Media production costs.
For media communications that are broadcast or published both before and after the date of the candidate's nomination, 50% of the media production costs shall be attributed to the primary election limits, and 50% to the general election limits. Distribution costs, including such costs as air time and advertising space in newspapers, shall be paid for 100% by the primary or general election campaign depending on when the communication is broadcast or distributed.
Solicitations and fundraising costs.
The costs of fundraising, including that of events and solicitation costs, shall be attributed to the primary election or to the GELAC, depending on the purposes of the fundraising. If a candidate raises funds for both the primary election and for the GELAC in a single communication or through a single fundraising event, the allocation of fundraising costs and the distribution of net proceeds will be made in the same manner as described in 11 CFR 9034.8(c)(8)(i) and (ii).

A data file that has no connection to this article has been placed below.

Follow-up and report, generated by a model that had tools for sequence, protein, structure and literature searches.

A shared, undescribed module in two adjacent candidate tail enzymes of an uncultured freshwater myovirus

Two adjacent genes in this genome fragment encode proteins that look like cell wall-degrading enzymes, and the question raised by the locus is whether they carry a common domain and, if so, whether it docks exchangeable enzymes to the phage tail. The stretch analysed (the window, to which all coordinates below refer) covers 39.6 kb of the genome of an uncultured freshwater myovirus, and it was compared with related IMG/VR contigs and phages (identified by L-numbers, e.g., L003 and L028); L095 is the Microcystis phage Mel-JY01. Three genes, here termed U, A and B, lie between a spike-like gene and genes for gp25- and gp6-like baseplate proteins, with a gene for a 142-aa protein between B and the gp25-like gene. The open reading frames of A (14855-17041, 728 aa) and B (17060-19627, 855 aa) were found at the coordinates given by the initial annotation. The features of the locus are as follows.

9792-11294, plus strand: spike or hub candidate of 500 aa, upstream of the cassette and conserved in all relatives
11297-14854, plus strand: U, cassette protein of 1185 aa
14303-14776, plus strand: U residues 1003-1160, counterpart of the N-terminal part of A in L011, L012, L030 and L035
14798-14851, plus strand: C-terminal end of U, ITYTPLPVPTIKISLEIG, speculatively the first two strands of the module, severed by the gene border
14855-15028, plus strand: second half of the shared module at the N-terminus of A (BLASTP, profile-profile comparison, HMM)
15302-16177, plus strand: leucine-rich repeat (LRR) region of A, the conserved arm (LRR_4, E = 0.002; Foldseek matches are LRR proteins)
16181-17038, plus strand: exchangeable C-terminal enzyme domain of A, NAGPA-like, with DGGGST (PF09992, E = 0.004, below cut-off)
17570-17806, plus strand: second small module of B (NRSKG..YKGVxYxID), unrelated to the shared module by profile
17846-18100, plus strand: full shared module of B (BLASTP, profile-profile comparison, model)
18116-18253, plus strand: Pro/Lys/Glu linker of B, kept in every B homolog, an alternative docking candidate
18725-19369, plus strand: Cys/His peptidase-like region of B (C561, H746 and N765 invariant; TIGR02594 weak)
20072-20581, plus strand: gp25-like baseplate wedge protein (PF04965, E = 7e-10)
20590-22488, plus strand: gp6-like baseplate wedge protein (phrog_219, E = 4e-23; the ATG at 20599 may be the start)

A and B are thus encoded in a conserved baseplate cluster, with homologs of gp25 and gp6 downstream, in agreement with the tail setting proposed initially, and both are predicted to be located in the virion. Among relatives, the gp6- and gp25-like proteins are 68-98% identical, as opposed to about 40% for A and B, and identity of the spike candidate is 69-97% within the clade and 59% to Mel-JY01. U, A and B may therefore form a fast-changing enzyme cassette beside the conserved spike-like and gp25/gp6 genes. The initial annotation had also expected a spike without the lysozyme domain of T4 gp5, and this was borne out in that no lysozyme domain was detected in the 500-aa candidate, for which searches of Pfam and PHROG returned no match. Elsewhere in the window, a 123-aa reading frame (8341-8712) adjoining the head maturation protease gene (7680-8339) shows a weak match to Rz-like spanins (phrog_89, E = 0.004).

Except as provided in paragraph (e)(5) of this section, the costs of a campaign communication that does not include a solicitation shall be attributed to the primary or general election limits based on the date on which the communication is broadcast, published or mailed. The cost of a communication that is broadcast, published or mailed before the date of the candidate's nomination shall be attributed to the primary election limits.
Expenditures for campaign-related transportation, food, and lodging by any individual, including a candidate, shall be attributed according to when the travel occurs. If the travel occurs on or before the date of the candidate's nomination, the cost is a primary election expense. Travel to and from the convention shall be attributed to the primary election. Travel by a person who is working exclusively on general election campaign preparations shall be considered a general election expense even if the travel occurs before the candidate's nomination.
[56 FR 35934, July 29, 1991, as amended at 60 FR 31881, June 16, 1995; 60 FR 57537, 57538, Nov. 16, 1995; 64 FR 49364, Sept. 13, 1999; 64 FR 61781, Nov. 15, 1999; 67 FR 78683, Dec. 26, 2002; 68 FR 47418, Aug. 8, 2003]